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Expert Opin Investig Drugs. 2001 Aug;10(8):1545-58.

Caspofungin: pharmacology, safety and therapeutic potential in superficial and invasive fungal infections.

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Immunocompromised Host Section, Pediatric Oncology Branch, National Cancer Institute, National Institutes of Health, Building 10, Rm. 13 N240, 10 Center Drive, Bethesda, MD 20892, USA.


Invasive fungal infections are important causes of morbidity and mortality in hospitalised patients. Current therapy with amphotericin B and antifungal triazoles has overlapping targets and is limited by toxicity and resistance. The echinocandin lipopeptide caspofungin is the first of a new class of antifungal compounds that inhibit the synthesis of 1,3-beta-D-glucan. This homopolysaccharide is a major component of the cell wall of many pathogenic fungi and yet is absent in mammalian cells. It provides osmotic stability and is important for cell growth and cell division. In vitro, caspofungin has broad-spectrum antifungal activity against Candida and Aspergillus spp. without cross-resistance to existing agents. The compound exerts prolonged post-antifungal effects and fungicidal activity against Candida spp. and causes severe damage of Aspergillus fumigatus at the sites of hyphal growth. Animal models have demonstrated efficacy against disseminated candidiasis and disseminated and pulmonary aspergillosis, both in normal and in immunocompromised animals. Caspofungin possesses favourable pharmacokinetic properties and is not metabolised through the cytochrome P450 (CYP) enzyme system. It showed highly promising antifungal efficacy in Phase II and III clinical trials in immunocompromised patients with oesophageal candidiasis. Caspofungin was effective in patients with invasive aspergillosis intolerant or refractory to standard therapies. Based on its documented antifungal efficacy and an excellent safety profile, caspofungin has been approved recently by the US Food and Drug Administration for the treatment of invasive aspergillosis in patients who are refractory to or intolerant of other therapies (i.e., amphotericin B, lipid formulations of amphotericin B, and/or itraconazole). Phase III clinical trials in patients with candidaemia and in persistently febrile neutropenic patients requiring empirical antifungal therapy are ongoing. This paper reviews the preclinical and clinical pharmacology of caspofungin and its potential role for treatment of invasive and superficial fungal infections in patients.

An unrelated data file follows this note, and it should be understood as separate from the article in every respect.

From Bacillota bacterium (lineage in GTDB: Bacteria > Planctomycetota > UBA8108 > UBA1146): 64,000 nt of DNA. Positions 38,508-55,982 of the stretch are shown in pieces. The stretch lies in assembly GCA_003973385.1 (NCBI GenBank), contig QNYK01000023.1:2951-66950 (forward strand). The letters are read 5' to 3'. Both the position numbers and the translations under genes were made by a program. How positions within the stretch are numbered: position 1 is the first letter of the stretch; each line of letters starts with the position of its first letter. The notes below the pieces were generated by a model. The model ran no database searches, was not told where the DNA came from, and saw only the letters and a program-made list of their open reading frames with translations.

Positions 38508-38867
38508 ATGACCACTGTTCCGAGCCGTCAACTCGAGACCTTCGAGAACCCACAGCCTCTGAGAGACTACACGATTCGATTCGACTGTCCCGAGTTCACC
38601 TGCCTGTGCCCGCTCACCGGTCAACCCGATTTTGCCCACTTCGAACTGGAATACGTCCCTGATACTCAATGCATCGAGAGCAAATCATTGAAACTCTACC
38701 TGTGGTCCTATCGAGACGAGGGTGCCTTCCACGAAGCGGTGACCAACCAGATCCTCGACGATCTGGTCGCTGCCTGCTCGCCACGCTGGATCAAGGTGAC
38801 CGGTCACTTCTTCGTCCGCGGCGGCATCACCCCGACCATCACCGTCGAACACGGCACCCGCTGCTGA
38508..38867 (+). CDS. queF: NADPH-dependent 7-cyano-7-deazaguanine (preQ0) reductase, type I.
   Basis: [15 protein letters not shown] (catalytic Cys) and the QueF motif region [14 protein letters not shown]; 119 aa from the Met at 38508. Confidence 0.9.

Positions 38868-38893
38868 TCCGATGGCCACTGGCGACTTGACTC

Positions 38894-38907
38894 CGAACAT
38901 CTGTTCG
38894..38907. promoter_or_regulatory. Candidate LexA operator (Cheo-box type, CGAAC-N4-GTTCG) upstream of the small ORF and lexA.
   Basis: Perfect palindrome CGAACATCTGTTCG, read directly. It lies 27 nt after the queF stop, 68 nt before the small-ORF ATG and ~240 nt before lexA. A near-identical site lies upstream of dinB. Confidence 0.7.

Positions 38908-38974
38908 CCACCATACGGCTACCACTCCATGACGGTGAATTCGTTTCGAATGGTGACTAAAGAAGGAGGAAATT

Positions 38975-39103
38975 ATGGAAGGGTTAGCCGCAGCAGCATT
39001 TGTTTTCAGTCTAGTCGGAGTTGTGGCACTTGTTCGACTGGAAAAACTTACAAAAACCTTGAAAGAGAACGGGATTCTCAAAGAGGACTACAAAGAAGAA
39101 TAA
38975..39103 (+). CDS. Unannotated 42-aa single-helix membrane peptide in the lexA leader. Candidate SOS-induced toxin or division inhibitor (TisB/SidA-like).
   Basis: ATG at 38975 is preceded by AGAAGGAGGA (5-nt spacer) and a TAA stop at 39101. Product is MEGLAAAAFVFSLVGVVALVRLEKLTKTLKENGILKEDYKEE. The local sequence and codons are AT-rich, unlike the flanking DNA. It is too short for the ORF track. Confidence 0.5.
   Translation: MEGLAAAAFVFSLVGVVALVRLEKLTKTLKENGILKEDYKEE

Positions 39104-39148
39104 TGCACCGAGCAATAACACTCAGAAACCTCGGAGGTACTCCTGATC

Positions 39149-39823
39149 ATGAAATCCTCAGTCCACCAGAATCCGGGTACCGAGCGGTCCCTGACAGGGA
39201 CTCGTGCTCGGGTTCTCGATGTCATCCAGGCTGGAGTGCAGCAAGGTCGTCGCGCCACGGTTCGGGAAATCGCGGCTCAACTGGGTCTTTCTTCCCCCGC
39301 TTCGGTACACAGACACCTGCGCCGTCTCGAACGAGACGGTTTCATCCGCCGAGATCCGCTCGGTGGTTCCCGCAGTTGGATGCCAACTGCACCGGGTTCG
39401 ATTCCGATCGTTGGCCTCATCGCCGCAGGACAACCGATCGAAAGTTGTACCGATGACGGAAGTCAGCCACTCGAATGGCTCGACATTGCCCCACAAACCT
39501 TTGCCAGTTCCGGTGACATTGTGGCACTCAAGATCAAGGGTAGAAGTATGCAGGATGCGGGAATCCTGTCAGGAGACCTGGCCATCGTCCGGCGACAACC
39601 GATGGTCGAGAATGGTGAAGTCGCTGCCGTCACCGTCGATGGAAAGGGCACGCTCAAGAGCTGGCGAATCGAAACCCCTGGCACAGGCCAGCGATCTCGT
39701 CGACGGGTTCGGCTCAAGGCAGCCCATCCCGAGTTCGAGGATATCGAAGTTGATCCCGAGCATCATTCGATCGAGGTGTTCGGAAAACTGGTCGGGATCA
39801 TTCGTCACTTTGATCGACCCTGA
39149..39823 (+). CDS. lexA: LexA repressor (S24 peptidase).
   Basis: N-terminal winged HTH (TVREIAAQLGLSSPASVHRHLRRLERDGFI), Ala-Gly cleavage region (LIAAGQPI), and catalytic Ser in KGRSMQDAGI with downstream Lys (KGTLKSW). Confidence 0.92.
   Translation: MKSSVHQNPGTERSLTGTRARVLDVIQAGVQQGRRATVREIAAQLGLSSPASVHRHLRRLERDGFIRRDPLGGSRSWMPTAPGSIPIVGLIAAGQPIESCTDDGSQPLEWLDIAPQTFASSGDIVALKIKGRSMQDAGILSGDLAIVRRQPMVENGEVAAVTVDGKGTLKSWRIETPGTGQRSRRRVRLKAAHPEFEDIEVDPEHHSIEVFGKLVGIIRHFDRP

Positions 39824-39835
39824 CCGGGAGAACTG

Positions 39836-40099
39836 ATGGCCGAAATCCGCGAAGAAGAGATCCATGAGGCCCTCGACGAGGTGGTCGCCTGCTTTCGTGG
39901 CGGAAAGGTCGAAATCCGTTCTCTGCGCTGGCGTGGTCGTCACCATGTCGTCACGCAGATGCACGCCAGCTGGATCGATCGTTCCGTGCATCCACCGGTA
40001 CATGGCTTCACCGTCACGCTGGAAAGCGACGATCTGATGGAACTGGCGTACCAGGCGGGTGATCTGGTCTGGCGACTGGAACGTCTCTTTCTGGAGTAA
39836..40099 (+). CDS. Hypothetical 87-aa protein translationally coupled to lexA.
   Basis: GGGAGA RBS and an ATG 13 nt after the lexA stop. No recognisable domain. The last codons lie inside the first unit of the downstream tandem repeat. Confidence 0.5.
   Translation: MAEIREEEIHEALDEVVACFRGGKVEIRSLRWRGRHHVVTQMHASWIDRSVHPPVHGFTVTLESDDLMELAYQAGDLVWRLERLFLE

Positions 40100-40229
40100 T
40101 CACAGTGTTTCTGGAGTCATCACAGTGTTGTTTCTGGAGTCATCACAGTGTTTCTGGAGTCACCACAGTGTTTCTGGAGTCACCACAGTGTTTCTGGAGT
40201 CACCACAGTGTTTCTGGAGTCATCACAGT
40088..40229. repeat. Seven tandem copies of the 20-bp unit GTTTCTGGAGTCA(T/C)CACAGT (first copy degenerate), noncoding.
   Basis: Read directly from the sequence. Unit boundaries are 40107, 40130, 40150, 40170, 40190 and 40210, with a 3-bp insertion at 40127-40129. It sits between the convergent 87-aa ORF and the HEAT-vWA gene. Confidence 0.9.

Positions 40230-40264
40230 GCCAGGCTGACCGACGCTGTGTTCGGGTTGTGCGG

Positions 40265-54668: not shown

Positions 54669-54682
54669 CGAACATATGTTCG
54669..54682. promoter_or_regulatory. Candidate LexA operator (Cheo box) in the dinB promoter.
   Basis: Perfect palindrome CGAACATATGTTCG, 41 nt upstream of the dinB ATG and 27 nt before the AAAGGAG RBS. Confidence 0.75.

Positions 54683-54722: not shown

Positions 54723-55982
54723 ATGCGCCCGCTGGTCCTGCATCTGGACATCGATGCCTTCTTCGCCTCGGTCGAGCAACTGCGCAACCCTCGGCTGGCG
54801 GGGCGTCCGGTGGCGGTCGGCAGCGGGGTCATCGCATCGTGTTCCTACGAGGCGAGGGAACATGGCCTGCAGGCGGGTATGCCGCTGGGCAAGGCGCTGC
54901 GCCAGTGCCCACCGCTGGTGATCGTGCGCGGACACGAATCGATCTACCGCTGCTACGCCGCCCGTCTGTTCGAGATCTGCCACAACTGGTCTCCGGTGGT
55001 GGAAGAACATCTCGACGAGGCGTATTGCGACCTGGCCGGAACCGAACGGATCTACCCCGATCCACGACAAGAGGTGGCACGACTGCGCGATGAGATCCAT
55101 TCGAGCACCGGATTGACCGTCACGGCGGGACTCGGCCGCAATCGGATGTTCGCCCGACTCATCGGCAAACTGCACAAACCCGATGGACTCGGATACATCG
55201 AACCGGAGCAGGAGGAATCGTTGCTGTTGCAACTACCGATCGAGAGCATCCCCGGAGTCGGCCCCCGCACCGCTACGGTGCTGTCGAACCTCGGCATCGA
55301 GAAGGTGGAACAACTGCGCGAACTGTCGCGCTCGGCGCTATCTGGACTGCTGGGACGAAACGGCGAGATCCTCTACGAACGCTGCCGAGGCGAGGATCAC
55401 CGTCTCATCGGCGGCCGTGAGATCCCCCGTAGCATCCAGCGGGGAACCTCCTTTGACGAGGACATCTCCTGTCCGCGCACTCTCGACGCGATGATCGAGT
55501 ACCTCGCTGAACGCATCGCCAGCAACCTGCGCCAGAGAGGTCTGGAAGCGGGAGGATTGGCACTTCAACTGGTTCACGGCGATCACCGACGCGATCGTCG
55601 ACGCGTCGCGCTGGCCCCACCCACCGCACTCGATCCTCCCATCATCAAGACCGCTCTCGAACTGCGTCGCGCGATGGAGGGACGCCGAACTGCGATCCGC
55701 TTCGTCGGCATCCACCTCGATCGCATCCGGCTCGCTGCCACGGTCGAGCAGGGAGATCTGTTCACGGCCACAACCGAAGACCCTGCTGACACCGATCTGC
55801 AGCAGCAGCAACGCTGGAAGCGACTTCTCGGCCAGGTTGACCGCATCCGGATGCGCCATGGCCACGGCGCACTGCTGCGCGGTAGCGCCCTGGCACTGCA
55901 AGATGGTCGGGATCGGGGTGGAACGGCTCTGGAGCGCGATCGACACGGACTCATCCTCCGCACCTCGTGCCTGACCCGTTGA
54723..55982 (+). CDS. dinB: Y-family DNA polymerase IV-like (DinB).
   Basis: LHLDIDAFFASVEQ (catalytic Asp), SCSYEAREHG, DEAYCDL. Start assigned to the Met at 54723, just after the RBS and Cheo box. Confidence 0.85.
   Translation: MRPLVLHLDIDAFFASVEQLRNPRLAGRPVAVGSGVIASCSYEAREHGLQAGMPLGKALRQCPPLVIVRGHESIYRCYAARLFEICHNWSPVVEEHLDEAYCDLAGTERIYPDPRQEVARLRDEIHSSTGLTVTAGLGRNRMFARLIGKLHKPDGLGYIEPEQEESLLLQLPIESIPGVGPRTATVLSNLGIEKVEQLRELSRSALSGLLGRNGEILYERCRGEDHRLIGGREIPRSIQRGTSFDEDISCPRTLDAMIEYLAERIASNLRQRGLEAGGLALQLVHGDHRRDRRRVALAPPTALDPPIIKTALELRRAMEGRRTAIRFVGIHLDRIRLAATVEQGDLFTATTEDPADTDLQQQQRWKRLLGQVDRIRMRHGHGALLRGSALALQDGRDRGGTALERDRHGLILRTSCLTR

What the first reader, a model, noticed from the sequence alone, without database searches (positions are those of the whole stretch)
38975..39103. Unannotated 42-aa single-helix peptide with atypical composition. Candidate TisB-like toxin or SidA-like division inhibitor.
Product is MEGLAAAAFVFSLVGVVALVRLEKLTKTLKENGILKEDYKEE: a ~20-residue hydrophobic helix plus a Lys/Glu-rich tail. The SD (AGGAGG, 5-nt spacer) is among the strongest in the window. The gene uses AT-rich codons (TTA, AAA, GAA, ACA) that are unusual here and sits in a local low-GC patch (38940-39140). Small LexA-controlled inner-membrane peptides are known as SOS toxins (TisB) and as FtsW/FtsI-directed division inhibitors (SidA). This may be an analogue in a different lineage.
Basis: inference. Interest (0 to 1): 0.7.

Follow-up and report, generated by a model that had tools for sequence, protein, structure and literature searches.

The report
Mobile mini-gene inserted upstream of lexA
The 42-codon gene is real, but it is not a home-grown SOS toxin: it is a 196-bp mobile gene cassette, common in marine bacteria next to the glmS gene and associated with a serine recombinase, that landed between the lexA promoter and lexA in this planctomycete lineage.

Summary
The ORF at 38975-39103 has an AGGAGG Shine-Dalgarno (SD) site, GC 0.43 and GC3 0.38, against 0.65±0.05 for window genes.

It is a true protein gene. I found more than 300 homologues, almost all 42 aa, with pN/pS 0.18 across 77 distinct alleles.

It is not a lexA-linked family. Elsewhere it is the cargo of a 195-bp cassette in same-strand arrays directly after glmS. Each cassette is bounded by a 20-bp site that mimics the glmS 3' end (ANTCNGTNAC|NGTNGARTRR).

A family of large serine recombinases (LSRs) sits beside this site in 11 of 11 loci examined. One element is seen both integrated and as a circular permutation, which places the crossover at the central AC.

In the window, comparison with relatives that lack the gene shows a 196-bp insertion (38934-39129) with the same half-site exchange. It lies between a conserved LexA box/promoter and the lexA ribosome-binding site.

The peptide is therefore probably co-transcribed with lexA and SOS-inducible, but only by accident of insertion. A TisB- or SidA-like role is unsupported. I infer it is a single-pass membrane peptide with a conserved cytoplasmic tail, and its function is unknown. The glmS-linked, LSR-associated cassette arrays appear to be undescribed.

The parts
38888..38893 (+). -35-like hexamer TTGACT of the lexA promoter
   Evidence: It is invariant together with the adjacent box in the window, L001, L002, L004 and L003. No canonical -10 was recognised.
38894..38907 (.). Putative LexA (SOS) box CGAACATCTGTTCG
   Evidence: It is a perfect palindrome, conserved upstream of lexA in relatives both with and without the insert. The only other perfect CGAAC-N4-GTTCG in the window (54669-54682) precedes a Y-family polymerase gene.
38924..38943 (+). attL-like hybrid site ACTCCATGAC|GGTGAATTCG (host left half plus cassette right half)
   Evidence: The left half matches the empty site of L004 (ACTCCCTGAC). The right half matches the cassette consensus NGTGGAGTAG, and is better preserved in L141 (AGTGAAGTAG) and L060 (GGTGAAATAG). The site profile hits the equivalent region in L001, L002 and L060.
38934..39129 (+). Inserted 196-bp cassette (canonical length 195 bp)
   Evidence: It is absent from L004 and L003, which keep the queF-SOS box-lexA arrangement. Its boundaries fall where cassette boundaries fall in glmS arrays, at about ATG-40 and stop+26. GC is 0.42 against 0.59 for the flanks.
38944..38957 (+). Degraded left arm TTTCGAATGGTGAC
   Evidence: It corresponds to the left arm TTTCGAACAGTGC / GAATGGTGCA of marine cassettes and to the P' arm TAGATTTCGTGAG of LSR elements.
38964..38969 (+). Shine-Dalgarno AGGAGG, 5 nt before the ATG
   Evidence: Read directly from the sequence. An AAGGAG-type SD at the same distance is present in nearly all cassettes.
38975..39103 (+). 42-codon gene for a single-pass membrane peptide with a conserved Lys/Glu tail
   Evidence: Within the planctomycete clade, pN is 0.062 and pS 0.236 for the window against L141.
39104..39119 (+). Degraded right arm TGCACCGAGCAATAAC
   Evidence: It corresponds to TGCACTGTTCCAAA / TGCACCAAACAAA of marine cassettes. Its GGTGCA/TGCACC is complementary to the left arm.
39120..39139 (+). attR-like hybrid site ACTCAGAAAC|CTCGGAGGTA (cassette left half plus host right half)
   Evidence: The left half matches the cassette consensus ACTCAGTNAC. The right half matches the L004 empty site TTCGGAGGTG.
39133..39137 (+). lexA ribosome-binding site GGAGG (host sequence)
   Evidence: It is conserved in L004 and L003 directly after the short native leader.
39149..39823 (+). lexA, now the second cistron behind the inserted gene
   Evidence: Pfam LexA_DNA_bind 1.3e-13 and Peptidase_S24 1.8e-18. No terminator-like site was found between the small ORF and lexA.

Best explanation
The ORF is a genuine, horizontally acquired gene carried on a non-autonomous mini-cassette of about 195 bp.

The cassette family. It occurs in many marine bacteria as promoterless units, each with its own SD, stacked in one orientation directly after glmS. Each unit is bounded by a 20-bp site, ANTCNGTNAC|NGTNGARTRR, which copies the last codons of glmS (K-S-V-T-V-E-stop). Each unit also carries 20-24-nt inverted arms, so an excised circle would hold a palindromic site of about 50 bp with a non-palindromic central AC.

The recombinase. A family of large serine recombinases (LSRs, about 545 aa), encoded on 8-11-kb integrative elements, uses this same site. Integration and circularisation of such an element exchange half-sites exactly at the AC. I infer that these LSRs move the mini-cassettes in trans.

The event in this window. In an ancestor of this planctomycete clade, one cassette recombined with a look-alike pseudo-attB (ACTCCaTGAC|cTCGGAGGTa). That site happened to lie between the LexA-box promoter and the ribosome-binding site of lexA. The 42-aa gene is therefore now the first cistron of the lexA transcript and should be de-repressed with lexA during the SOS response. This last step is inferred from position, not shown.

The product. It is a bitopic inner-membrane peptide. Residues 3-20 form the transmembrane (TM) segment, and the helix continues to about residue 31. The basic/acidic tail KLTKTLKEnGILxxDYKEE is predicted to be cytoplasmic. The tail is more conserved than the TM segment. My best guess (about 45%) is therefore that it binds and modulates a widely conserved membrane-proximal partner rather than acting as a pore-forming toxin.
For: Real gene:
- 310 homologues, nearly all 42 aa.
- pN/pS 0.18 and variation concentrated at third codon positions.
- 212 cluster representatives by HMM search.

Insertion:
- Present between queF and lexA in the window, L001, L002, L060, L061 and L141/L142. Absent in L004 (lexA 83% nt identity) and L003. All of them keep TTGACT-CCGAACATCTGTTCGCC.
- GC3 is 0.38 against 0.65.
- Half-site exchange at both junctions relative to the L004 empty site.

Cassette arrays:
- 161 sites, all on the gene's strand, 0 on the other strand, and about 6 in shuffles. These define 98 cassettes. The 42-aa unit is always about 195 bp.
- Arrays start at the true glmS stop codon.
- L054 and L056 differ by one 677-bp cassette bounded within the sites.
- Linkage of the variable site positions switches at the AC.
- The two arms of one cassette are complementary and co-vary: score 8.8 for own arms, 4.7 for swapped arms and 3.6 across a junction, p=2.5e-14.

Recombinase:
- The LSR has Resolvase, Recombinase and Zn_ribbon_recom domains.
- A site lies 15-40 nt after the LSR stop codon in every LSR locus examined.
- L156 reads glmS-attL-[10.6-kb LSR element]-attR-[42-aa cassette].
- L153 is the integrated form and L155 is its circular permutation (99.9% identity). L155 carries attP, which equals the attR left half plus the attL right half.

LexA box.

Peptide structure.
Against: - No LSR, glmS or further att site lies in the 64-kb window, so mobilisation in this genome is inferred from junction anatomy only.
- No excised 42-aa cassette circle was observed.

[Indexed for MEDLINE]

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